This 1976 Westfalia was in a barn in Nevada for 20 years. It has the usual dings and scrapes, but appears to be rust free. The new owner has done a lot to revive it including a new tent, brakes, all hydraulic and vacuum lines, fuel injectors and more. It still has a few things that need attention, like having the fuel injection set up, but what might make this a real bargain is it is a 1976 and in California it needs to be smogged, but in another state perhaps not? It is listed here on eBay with no reserve and the bidding is at only $2,550 so far. This could be a really nice camper for someone who is looking for a low priced Westfalia. Some would want to redo the cabinet doors and it needs the touch of a VW specialty shop and probably new tires, but it’s almost ready for fun. I guess some would want to make it like new, but it is just a camper. It’s in my area, so if someone out there is really serious about it, I’d be glad to have a look for you! Read more »
For the old-school Mercedes diesel fan, your ship has come in! Here on eBay right now, you can buy a pair of manual transmission-equipped Heckflosse fintails for less than $4,000! One is running and the other is a parts car, but these old girls are fairly stout – and with the purchase price being so low, you’d be forgiven if you tried to get the other one running before pillaging it. Aside from the bargain basement pricing, these cars also appear relatively complete. They don’t look rusty or accident-damaged, the chrome and glass looks decent, and even the interiors are livable. I’m not sure what the catch is, but I’m not seeing it. The cars are located in Atlanta and the official Buy-it-Now is $3,750. Who’s going to grab these beauties?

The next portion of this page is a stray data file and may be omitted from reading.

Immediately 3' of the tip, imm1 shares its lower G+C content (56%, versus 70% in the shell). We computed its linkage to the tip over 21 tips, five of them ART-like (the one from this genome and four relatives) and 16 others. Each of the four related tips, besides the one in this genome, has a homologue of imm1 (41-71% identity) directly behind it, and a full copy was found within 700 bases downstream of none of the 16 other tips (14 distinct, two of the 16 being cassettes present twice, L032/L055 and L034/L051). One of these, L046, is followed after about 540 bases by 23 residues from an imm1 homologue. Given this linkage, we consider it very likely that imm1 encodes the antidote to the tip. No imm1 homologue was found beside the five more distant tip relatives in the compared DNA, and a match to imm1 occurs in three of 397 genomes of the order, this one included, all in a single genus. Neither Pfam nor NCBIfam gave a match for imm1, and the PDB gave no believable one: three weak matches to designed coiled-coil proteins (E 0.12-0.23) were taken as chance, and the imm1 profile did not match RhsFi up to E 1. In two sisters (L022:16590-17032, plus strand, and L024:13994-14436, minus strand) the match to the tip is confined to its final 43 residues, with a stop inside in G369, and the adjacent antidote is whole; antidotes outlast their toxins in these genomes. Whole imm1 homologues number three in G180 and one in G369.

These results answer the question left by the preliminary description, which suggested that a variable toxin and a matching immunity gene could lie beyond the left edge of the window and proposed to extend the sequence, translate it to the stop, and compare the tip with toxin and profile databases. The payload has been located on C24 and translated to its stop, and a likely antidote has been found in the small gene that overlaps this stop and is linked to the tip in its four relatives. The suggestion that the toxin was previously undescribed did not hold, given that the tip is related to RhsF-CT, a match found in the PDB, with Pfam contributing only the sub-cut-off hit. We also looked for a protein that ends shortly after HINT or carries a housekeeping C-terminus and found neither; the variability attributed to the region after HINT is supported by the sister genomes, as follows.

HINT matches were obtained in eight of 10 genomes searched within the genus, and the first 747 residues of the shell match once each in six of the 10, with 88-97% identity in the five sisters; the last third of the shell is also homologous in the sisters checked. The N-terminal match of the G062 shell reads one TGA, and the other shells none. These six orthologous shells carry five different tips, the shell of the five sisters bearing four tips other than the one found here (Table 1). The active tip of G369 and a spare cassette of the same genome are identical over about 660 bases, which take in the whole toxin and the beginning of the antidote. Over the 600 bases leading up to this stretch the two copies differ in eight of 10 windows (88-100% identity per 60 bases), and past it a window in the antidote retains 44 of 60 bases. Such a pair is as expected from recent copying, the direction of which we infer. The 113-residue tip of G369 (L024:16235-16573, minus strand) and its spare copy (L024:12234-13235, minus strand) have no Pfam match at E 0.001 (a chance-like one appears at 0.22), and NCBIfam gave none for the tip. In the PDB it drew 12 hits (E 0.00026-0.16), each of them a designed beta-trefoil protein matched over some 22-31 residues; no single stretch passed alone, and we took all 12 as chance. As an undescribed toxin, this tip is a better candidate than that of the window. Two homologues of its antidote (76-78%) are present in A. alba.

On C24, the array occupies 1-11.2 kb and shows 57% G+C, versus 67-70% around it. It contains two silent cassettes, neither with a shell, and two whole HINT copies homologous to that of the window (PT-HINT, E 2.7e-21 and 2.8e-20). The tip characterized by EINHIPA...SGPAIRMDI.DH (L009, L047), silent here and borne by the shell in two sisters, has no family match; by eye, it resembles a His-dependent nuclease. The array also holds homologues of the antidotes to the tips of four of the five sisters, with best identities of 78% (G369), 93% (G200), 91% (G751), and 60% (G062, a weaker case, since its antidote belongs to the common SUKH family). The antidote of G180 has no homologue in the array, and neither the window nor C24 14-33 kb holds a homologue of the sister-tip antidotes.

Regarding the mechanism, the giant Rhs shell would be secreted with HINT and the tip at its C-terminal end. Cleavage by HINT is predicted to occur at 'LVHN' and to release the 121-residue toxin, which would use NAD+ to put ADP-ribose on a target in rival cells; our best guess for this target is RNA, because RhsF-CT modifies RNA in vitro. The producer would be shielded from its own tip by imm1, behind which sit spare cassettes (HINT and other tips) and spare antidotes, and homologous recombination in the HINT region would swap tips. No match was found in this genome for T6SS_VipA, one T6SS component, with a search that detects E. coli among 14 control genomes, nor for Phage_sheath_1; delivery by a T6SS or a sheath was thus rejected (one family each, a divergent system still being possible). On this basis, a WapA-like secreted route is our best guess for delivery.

Wow! Kudos to reader Olaf E. for this very unusual find! Located in Oschersleben, Germany, this huge collection of cars is for sale here on eBay Germany for 5,200 Euro ($5,702) or best offer. Consisting of 11 Trabants (!), 4 Wartburgs and 6 Ladas, the collection is just amazing in it’s depth. Most of the cars look complete or near complete, and the seller will not split the collection. At least one of the Trabants is said to have a restored body and just awaits assembly. The advertisement says the cars have been in this dry “hall” for years. I’m guessing it will take either a dealer or a consortium of German car enthusiasts to purchase all of these; I don’t know where you’d find the room to store that many cars as an individual! Any of our European readers interested? How about a single-marque Trabant race series?